Dodging this issue also encourages factionalism in trying to protect serious mathematics and potential mathematicians (on the broadest sense). Failed systems tend to grasp at straws in seeing mathematical ability as “given”, and hence to see those with this “ability” as a small group that can be “identified” and protected (irrespective of whatever hare-brained schemes may be adopted for the great unwashed). This is dangerous nonsense: we have no idea (at least, no idea that commands a consensus) how to “identify” mathematical ability *in advance*. Such ability emerges in part in response to the diet provided and the inner development of the student. So rather than imagining, and then trying to protect, some “chosen elite”, the only defensible strategy is to provide for a suitable “large” number (initially *for all – up to age “N”*; then for a decreasing percentage), knowing that such an approach provides opportunity for a much larger number to emerge.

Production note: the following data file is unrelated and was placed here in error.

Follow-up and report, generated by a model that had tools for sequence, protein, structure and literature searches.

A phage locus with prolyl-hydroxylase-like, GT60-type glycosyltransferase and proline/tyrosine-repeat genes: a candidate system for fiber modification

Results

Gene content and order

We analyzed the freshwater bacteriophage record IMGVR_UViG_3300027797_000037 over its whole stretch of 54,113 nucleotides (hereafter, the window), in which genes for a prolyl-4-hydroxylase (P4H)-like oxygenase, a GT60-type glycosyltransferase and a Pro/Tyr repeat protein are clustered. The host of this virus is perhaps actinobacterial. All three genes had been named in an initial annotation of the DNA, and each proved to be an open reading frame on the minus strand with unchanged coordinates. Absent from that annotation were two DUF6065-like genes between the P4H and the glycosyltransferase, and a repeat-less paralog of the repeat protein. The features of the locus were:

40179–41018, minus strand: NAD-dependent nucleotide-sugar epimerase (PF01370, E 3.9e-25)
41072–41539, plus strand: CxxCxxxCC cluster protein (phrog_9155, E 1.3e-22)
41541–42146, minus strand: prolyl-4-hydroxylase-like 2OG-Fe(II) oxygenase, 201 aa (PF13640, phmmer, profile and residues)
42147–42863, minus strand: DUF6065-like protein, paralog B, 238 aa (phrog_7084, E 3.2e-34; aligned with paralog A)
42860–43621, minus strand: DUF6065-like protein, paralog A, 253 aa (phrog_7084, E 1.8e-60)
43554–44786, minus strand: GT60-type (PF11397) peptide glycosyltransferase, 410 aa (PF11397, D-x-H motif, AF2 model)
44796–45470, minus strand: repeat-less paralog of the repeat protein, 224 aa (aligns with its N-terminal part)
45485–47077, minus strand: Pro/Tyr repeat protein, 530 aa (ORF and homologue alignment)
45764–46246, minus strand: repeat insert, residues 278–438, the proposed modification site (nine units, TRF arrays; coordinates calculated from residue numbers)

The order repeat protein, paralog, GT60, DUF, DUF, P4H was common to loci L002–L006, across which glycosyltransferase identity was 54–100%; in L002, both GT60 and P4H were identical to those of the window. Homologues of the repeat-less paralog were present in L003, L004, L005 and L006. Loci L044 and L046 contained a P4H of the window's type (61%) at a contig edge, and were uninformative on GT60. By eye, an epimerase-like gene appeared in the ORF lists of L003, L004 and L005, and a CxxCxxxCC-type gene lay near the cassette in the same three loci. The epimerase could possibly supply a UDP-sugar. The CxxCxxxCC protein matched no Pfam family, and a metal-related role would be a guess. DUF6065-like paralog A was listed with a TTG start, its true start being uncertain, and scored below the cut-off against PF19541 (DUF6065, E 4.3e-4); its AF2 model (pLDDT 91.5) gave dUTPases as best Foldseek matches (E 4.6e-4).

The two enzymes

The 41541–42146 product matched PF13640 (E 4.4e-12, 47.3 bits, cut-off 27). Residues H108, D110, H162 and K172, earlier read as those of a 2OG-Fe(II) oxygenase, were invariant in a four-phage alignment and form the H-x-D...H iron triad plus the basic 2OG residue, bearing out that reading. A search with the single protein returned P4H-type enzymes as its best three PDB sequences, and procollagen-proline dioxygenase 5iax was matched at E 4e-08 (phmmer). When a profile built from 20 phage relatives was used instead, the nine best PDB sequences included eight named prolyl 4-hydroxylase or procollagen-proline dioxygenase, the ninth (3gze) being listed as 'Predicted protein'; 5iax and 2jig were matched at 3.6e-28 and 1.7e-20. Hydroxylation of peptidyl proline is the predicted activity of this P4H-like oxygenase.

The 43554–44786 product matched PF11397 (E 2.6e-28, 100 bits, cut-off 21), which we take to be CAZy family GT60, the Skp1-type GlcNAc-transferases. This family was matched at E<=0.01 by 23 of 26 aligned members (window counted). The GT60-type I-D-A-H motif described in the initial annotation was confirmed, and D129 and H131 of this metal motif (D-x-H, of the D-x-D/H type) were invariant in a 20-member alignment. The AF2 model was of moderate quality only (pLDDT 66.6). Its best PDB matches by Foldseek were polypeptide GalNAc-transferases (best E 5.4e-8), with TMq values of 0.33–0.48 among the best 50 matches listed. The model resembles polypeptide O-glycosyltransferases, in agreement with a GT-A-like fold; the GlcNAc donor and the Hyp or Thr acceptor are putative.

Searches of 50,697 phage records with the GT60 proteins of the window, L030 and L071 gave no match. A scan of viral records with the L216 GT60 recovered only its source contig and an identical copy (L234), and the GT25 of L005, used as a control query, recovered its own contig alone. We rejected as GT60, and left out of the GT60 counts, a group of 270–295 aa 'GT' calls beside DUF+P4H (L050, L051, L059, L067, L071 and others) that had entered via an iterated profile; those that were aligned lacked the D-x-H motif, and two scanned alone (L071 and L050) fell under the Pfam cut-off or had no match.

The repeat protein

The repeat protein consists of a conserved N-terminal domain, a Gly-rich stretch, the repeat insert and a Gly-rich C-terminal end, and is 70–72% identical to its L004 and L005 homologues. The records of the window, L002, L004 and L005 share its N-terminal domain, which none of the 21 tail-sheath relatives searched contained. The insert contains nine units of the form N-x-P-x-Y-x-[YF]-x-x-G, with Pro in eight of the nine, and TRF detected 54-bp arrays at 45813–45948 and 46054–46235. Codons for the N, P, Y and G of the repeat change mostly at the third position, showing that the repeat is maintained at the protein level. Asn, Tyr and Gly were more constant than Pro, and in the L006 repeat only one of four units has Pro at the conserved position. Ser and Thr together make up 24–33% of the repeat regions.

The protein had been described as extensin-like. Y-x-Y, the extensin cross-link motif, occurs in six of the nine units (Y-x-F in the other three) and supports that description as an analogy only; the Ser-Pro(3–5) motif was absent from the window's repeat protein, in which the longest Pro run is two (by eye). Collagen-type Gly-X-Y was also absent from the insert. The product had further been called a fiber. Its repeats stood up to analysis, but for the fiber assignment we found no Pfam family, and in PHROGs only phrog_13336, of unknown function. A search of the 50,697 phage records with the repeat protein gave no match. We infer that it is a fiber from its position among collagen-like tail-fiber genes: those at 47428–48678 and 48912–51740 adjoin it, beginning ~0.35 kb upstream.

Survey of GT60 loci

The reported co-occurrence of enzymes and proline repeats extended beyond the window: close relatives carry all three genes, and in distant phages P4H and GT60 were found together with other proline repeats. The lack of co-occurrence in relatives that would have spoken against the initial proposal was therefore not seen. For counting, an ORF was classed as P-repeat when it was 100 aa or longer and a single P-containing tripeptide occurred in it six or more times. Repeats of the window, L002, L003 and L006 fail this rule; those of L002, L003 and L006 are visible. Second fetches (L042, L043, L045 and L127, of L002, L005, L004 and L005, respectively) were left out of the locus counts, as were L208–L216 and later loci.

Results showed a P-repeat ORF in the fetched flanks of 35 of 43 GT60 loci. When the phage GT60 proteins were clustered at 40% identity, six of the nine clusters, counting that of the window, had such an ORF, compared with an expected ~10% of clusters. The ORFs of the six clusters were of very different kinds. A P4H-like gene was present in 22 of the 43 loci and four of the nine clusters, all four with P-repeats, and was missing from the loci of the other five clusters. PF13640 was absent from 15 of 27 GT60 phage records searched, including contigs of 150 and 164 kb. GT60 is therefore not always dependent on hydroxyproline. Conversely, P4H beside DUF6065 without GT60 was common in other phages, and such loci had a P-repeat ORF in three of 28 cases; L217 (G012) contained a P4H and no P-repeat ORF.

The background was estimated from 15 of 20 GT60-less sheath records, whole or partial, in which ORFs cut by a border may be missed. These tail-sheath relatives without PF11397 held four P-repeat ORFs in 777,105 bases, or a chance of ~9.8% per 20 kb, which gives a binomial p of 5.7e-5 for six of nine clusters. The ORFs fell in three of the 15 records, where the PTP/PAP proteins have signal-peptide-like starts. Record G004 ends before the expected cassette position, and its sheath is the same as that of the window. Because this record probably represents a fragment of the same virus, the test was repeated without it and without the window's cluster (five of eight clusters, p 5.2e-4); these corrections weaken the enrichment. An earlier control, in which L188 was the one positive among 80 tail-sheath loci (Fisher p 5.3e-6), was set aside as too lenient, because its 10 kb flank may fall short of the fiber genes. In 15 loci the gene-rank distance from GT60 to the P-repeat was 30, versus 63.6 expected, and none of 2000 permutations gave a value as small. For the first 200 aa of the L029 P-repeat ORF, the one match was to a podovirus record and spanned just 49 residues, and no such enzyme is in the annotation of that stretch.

I once sat in on some Nick Mackinnon lessons. His old school selects (at 13/14) more strongly than any other school I know (on ability and pedigree); and they devised an approach that I have seen nowhere else. They also made it work – after a fashion. (The problem is that their students start way ahead, and they almost all go on to do very well in some field; so it is hard to distinguish those who *chose* to go in a different direction, and those who were in fact *killed off* mathematically.)

    What one should certainly *never* do is to assume that those with uniquely privileged school backgrounds (I believe Cheng was at Roedean) have got a clue when it comes to analysing the wider scene in which the rest of us live, breathe and work.

    In particular, Mackinnon’s suggestion (at the end of his article) *utterly distorts* the philosophy which was meant to underpin UKMT (which was NOT to “identify” an elite, but to *provide* rich material for *a very large group in ordinary schools*, so that they might then have the chance as they pass through adolescence of deciding whether to take this curious subject more seriously).